International Meet and Greet spotlights OU’s diverse cultures

International Meet and Greet spotlights OU’s diverse cultures
Meet and Greet
OU students, faculty and staff members gathered in Oak View Hall for an international meet and greet highlighting the variety of cultures on campus.

Students, faculty and staff gathered in Oak View Hall on Tuesday for a meet-and-greet celebrating OU’s international community. Cohosted by the Honors College and International Students and Scholars Office, the event gave attendees an opportunity to learn about each other’s ethnic backgrounds and cultural traditions amid a festive atmosphere that featured live music and international cuisine. 


“Increasingly, we’ve seen more international students coming to OU and we’ve got a lot of students who study abroad,” said Graeme Harper, dean of Oakland’s Honors College. “This event is a way to bring everyone together to share their experiences.”


Harper welcomed the crowd with a look back at Oakland’s founding, highlighting the university’s longstanding commitment to providing a liberal arts focused curriculum from a global perspective. He referenced a 1959 New York Times article noting that each OU student was expected to learn at least one foreign language and required to take three courses in foreign studies “to develop an understanding of the world community, particularly the non-western cultures.”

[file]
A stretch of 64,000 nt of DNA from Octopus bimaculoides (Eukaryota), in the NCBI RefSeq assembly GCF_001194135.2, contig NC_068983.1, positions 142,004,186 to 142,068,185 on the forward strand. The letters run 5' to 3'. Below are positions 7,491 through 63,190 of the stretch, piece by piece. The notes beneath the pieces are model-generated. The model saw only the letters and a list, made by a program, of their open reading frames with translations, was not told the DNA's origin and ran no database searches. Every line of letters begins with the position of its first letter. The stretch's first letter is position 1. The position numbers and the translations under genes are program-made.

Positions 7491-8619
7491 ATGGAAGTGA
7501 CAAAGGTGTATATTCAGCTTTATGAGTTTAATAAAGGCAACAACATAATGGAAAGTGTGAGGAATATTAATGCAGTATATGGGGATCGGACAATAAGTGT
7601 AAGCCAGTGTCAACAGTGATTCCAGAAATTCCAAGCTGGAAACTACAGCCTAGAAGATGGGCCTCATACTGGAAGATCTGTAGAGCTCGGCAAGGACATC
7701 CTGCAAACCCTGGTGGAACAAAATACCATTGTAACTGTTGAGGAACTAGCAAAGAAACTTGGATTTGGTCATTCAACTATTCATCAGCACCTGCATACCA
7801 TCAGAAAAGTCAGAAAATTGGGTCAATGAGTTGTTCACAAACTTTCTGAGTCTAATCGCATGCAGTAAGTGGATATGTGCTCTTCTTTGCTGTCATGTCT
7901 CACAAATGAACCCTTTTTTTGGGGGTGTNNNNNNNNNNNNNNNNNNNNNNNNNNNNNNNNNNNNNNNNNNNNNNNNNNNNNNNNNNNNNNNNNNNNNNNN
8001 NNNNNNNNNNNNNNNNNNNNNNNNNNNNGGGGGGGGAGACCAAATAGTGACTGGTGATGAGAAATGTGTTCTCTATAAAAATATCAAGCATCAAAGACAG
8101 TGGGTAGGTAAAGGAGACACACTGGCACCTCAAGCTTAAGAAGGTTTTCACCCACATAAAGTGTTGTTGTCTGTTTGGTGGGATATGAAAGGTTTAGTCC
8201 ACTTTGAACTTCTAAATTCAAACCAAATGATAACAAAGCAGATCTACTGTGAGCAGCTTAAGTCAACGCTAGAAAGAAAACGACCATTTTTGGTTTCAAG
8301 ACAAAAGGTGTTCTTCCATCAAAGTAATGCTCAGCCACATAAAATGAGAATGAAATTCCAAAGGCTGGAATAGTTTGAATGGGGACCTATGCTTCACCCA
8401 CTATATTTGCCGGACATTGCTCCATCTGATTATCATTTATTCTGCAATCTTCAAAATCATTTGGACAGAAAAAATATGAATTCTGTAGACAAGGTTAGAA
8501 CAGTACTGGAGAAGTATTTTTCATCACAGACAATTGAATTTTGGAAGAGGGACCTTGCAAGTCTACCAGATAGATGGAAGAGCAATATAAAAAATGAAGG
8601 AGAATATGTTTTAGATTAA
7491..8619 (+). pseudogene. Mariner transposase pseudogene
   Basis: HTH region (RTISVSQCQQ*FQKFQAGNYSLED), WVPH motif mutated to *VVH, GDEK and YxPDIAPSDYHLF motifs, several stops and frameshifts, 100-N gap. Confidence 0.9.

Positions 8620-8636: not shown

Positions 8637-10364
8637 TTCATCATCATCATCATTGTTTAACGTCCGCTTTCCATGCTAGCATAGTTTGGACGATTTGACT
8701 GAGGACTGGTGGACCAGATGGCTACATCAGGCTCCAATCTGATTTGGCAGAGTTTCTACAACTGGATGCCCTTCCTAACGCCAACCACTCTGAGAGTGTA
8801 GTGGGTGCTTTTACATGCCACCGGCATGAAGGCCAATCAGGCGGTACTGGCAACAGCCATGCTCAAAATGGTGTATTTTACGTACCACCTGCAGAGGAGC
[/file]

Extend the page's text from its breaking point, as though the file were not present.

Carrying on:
Mark Stone

Mark Stone, coordinator of OU's World Music Program and Percussion Program, plays the Gyil, a Ghanaian Xylophone.

Harper also noted that OU founder Matilda Dodge Wilson was an avid traveler who visited many countries, including Egypt, India and England.


David Archbold, director of the International Students and Scholars Office, called Wilson a “visionary” and “trailblazer” for the talents she contributed not only as the founder of OU, but also as the first woman to serve as a lieutenant governor in the United States. He pointed out that Wilson was the daughter of German immigrants and was herself an immigrant, having come to the United States from Canada.


Travus Burton, experiential learning coordinator, said the event was well-timed, especially in light of current events.


“There’s a lot that we can continue doing along these lines because, when it comes down to it, we’re all just people,” said Burton. “Events like these help to remind us of that fact. We have a lot more similarities than we have differences, if you really get down to it.”


Murali Gumpeny, a first-year master’s student from India, said his OU experience has been positive.  


“My favorite part so far has been the college outings that we go on, and the clubs," he said. "I think this event is an excellent opportunity to learn more about the American culture, as well as cultures other than your own.”